TEHRAN, Iran — A prominent Iranian newspaper said it would hold a competition for cartoons on the Holocaust to test whether the West extends the principle of freedom of expression to the Nazi genocide as it did to the caricatures of the Prophet Muhammad.
About 50 protesters, meanwhile, hurled firebombs and stones at the Norwegian Embassy in Iran’s capital, the second straight day of violent protests against European missions in Tehran. A small fire outside the embassy was contained quickly, but the protest continued.
Hamshahri, one of Iran’s largest papers, made clear the contest is a reaction to European newspapers’ publication of Danish cartoons of the Prophet Muhammad, which have led to demonstrations, boycotts and attacks on European embassies across the Islamic world. Several people have been killed.
In Washington, State Department spokesman Sean McCormack called the proposed contest “outrageous.”
“Any attempt to mock or to in any way denigrate the horror that was the Holocaust is simply outrageous,” McCormack said.
“You can almost hear President Ahmadinejad's voice in the editor of this particular newspaper making this proposal,” he said.
The newspaper said the contest would be launched Monday and co-sponsored by the House of Caricatures, a Tehran exhibition center for cartoons. The paper and the cartoon center are owned by the Tehran Municipality, which is dominated by allies of President Mahmoud Ahmadinejad, well-known for his opposition to Israel.
‘Wiped off the map’
Ahmadinejad, who was Tehran’s mayor until being elected president in June, provoked outcries last year when he said on separate occasions that Israel should be “wiped off the map” and the Holocaust was a “myth.”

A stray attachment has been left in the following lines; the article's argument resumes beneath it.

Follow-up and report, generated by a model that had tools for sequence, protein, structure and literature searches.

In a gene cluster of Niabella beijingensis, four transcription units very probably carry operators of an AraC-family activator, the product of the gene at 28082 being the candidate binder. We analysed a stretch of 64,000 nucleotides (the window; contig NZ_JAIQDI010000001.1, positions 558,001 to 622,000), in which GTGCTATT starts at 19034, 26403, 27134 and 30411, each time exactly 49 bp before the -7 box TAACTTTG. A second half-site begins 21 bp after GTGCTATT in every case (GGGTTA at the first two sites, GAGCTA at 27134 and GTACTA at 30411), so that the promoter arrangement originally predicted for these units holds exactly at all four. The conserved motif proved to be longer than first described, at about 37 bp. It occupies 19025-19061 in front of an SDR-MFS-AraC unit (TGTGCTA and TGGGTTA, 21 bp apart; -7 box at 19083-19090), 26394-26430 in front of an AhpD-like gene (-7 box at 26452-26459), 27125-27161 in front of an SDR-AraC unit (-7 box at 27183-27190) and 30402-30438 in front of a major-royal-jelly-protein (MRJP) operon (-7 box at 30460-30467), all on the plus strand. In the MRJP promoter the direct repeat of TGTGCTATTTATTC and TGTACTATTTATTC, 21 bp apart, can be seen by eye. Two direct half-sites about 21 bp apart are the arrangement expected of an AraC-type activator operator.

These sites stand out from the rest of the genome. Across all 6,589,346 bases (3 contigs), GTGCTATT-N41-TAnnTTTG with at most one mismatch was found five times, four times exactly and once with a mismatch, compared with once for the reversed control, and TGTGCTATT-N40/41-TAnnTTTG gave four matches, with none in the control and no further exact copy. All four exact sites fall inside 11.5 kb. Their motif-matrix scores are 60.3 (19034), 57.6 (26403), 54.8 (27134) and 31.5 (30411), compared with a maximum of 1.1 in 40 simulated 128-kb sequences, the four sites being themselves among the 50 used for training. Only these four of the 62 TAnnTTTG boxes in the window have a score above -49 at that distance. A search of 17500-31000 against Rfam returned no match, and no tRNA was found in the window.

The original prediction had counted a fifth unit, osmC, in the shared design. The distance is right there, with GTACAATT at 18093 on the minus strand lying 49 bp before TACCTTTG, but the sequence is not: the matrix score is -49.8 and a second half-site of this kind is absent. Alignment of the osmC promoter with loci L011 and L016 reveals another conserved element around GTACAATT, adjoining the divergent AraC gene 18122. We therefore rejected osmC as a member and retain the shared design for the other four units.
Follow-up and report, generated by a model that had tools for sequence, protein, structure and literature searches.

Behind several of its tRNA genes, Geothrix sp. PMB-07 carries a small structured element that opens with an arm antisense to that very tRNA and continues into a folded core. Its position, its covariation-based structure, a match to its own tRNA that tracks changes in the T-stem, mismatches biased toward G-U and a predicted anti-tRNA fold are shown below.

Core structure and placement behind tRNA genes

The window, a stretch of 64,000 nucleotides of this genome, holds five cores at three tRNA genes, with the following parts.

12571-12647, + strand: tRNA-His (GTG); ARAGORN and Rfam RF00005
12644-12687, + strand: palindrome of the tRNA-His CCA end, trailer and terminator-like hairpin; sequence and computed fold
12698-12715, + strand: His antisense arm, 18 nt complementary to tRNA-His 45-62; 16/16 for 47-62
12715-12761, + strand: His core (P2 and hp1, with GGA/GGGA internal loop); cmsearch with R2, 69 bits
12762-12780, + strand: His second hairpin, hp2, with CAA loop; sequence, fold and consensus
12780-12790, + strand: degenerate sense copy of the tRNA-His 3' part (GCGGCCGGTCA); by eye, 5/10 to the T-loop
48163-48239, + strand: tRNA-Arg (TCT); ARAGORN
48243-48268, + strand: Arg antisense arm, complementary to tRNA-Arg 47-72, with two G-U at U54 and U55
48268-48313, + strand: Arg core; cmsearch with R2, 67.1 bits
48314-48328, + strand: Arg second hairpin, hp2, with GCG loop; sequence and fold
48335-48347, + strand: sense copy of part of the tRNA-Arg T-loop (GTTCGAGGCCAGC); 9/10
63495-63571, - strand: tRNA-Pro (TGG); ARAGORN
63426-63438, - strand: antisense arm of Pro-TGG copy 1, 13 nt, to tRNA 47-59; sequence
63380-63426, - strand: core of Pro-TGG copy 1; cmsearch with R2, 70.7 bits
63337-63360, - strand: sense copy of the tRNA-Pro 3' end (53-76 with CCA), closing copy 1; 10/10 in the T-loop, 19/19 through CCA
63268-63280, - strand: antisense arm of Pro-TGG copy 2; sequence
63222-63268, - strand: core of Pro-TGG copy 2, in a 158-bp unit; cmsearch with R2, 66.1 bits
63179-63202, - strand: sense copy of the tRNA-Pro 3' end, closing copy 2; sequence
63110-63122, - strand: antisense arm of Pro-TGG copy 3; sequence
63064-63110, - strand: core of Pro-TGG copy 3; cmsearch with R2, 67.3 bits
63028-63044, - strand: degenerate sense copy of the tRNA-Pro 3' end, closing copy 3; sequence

Slideshow: View the cartoons that started it all Iran said last month it would sponsor a conference to examine the scientific evidence supporting the Holocaust, an apparent attempt to give voice to Holocaust deniers.
Hamshahri invited foreign cartoonists to enter the competition.
“Does the West extend freedom of expression to the crimes committed by the United States and Israel, or an event such as the Holocaust? Or is its freedom only for insulting religious sanctities?” Hamshahri wrote, referring to the Prophet Muhammad cartoons.
First publication in September
The cartoons were first published by a Danish newspaper in September. As Muslim protests mounted, numerous European newspapers have reprinted them in recent days in the name of free expression, provoking wider and angrier protests.
The drawings — including one depicting the prophet wearing a turban shaped as a bomb — have touched a raw nerve in part because Islam is interpreted to forbid any illustrations of the Prophet Muhammad for fear they could lead to idolatry.
Hundreds of Iranians hurled stones, and sometimes gasoline bombs, at the Danish and Austrian embassies in Tehran in protest against the cartoons Monday. Austria currently holds the European Union presidency.
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